05.11.2005 12:00 AM
$1.3B in DBS Revenue Projected by 2010
A new global survey by Northern Sky Research (NSR) concludes that in almost all regions of the world, HD is expected to make a "near-term appearance and begin to have an impact on overall satellite capacity demand, as a result." As expected, North America leads the way with HD channels available by all major broadcasters and a growing list of cable channels. The survey also concludes "despite the recent hiccups experienced through the demise of Voom, the North American HD industry is unquestionably here to stay."

The NSR forecast, "High Definition Television over Satellite: A Regional Assessment of Demand for Satellite-Delivered HD Channels," analyzes key market and technological trends for HD channel growth (and capacity demand) over the next five years. From a global total of $47.6 million in revenues directly attributed to commercial satellite capacity leased purely for HD broadcasting in 2004--to a projected $323.8 million by 2010--the report forecasts nearly seven-fold growth in satellite lease revenues.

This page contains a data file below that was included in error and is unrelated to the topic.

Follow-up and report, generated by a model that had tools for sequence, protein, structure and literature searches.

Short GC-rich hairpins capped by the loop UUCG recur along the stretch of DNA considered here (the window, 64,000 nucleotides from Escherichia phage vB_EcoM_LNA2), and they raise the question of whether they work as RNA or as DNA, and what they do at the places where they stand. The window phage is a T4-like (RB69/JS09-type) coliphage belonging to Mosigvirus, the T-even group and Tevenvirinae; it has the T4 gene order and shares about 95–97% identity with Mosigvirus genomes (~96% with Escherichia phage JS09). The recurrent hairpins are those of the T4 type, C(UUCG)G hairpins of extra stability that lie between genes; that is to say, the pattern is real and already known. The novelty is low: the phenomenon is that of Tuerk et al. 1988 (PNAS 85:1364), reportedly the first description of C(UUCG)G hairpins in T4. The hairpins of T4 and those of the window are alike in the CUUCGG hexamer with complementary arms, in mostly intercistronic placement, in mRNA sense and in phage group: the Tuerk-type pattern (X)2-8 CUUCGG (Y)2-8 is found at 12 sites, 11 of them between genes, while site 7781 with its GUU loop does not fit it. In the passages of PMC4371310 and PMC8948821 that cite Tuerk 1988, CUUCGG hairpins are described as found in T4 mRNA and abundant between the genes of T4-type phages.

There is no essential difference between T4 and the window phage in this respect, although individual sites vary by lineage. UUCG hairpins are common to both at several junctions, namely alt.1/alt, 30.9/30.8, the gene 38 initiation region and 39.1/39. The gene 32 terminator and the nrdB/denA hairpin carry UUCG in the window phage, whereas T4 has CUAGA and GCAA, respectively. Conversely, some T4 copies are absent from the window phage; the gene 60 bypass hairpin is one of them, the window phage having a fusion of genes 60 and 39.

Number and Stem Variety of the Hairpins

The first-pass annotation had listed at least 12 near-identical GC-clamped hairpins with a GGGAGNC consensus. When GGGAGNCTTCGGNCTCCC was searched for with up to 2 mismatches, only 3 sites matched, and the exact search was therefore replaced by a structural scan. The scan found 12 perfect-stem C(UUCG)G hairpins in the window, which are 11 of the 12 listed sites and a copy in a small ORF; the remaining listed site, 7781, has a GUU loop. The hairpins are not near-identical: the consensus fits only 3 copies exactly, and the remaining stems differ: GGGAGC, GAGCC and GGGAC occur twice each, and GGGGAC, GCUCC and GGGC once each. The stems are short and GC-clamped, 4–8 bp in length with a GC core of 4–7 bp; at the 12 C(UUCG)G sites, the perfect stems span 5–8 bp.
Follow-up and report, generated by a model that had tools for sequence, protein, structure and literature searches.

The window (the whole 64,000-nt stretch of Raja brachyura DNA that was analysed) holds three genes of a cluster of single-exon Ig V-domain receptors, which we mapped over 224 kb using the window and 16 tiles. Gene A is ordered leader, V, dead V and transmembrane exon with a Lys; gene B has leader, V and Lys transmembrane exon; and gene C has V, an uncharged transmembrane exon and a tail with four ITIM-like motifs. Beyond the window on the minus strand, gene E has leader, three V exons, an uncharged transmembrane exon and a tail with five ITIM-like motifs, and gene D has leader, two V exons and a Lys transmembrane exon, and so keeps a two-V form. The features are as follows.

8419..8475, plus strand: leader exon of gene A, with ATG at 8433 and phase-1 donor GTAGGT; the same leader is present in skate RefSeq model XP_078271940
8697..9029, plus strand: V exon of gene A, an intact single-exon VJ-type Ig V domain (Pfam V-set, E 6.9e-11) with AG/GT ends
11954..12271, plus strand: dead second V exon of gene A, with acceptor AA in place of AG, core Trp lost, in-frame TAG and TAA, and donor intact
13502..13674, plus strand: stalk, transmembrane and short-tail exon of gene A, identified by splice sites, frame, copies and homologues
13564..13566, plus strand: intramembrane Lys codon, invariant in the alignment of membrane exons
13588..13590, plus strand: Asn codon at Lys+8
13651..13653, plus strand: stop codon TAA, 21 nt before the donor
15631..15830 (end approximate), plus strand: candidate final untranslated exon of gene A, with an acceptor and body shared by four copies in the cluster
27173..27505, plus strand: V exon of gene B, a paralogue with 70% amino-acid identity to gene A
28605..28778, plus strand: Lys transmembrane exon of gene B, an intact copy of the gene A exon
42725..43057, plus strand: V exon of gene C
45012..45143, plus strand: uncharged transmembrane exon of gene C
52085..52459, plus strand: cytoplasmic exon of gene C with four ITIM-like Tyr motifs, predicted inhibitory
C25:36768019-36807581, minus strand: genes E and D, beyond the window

The report also states that the timing of HD could not be better. "With increasing pressures from governments to migrate analog channels to less bandwidth-intensive digital starting from 2005/6 onwards, operators have been looking at HD to soak up excess capacity."

HD in North America and Japan has emerged from being a niche service to a more widely accepted standard, the survey finds, and Western Europe (where HD was virtually ignored until recently) not too far behind, with its first HD channel going up in 2004 and most major national broadcasters announcing plans to launch HD in the near future.

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The Best Deconstruction of a 4K Shoot You'll Ever Read
With higher resolutions and larger HD screens, wide shots using very wide lenses can be a problem because they allow viewers to see that infinity doesn’t quite resolve into perfect sharpness.

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